What about Supplements providing omega 3, 6 and 9?
If you want to buy an omega 3 supplement it should contain only omega 3. There is no benefit of supplementing omega 6 or 9 as we have more than enough sources of these in our diet. They are also considered to be unhelpful as they compete with omega 3 to be used in our body therefore can actually lower the amount of omega 3 our body will absorb from the supplement.
What about Krill Oil?
Krill Oil is a new addition to the omega 3 oil family. There is relatively little research or advice from official organisations e.g. Food Standards Agency of Ireland, European Society of Cardiology with regards to usage of this type of oil and it’s safety long term.
What if I am taking Warfarin?
Fish oil capsules may not be recommended with certain medication e.g. warfarin as they can affect INR readings and may contain other substance that may interfere with warfarin. Please check with your doctor or warfarin nurse before taking any supplements contain omega 3.
Are large amounts of fish safe?
Safety concerns surrounding fish is largely due to there content of chemicals e.g. mercury, dioxins and PCB’s. For most of us i.e. men and non childbearing women there are no concerns from eating up to 4 portions weekly. Maximum amounts have been set for women of childbearing age and pregnant or breastfeeding women at 2 portions per week. This group and children under 16 years of age should also avoid shark, marlin and swordfish as these fish may contain concentrated sources of mercury.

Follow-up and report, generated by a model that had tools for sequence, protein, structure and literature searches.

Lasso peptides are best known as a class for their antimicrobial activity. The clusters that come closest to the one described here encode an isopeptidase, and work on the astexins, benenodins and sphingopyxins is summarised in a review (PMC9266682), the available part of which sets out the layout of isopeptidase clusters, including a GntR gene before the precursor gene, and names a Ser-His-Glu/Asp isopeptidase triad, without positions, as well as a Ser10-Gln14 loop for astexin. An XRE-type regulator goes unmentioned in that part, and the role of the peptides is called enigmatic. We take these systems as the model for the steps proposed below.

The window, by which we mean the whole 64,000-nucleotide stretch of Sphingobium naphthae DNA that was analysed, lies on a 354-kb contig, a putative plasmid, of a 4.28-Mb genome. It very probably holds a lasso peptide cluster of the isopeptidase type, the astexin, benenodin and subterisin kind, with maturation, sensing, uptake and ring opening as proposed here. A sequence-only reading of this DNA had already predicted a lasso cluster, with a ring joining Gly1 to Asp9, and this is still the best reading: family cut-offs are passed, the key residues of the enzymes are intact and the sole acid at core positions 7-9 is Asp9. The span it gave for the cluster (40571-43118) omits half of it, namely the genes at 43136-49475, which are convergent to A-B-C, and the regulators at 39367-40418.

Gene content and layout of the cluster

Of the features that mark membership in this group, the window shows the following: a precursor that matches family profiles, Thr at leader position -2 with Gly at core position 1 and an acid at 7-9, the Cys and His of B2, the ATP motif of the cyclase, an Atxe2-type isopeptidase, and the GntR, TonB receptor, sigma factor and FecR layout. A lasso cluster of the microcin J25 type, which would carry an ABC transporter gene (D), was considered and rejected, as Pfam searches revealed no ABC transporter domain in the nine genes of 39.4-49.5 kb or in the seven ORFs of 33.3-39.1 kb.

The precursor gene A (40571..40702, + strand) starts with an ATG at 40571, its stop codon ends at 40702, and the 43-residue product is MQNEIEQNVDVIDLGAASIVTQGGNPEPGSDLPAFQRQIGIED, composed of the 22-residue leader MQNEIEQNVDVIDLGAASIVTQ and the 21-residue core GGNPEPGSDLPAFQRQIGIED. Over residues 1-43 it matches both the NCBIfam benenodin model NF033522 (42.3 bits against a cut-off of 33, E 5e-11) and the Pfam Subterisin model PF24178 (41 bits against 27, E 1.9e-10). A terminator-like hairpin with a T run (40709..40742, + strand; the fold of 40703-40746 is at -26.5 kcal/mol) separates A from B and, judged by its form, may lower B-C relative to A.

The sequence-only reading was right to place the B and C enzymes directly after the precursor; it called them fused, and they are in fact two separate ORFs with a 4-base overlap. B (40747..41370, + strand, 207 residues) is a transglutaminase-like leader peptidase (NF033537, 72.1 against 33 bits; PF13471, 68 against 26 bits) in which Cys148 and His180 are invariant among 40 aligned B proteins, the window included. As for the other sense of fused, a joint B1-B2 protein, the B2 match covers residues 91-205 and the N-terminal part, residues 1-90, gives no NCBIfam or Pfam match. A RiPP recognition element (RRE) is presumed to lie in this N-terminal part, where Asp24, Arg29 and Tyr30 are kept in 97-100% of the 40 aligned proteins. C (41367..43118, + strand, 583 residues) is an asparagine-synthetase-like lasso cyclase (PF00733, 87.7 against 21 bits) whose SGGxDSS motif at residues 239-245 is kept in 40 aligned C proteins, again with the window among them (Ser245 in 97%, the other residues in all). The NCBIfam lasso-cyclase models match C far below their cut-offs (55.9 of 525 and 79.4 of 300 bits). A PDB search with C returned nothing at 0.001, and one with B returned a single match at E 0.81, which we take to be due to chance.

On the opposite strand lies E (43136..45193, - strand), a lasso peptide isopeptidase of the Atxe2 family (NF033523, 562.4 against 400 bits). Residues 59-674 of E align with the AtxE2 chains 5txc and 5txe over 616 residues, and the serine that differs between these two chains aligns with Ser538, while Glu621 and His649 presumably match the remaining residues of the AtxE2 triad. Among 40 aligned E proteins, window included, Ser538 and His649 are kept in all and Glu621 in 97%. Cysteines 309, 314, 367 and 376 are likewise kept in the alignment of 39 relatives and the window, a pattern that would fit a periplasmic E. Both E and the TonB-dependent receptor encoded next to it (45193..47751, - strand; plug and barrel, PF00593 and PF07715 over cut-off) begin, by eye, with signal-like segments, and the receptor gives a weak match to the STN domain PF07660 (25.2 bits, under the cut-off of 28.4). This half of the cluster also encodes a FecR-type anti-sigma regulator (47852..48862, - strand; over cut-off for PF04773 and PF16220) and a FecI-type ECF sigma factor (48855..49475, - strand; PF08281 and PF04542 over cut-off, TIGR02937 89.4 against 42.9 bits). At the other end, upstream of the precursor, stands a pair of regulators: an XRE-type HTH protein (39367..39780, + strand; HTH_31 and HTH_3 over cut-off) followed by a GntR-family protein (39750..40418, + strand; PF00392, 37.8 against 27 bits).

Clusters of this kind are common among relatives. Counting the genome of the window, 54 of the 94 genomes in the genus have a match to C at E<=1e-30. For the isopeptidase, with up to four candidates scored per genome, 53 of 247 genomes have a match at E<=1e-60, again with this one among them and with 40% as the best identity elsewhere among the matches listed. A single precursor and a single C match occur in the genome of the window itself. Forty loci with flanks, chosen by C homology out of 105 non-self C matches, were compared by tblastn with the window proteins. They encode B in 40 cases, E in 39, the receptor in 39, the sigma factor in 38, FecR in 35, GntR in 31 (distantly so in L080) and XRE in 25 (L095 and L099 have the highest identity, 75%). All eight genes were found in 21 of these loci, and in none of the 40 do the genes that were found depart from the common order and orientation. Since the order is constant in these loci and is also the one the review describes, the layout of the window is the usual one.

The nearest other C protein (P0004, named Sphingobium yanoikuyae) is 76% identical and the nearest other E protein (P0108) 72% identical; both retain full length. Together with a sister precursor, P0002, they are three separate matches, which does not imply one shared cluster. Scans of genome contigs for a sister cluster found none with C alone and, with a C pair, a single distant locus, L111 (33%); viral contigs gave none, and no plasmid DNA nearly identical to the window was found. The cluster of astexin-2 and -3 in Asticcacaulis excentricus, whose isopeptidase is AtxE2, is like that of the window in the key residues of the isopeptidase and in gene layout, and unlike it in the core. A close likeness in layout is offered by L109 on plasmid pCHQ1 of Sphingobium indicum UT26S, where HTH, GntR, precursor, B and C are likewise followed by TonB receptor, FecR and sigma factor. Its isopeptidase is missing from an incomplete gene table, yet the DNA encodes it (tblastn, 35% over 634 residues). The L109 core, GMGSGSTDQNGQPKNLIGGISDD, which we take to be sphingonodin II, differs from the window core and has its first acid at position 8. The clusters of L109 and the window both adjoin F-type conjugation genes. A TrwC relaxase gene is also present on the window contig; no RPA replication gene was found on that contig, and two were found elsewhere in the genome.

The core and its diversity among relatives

Created by members of the Cardiac Interest Group, July 2016.
© 2014 Irish Nutrition and Dietetics Institute, INDI. Review date July 2019. All rights reserved. May be reproduced in its entirety provided source is acknowledged. This information is not meant to replace advice from your medical doctor or individual counselling with a dietitian/clinical nutritionist. It is intended for educational and informational purposes only.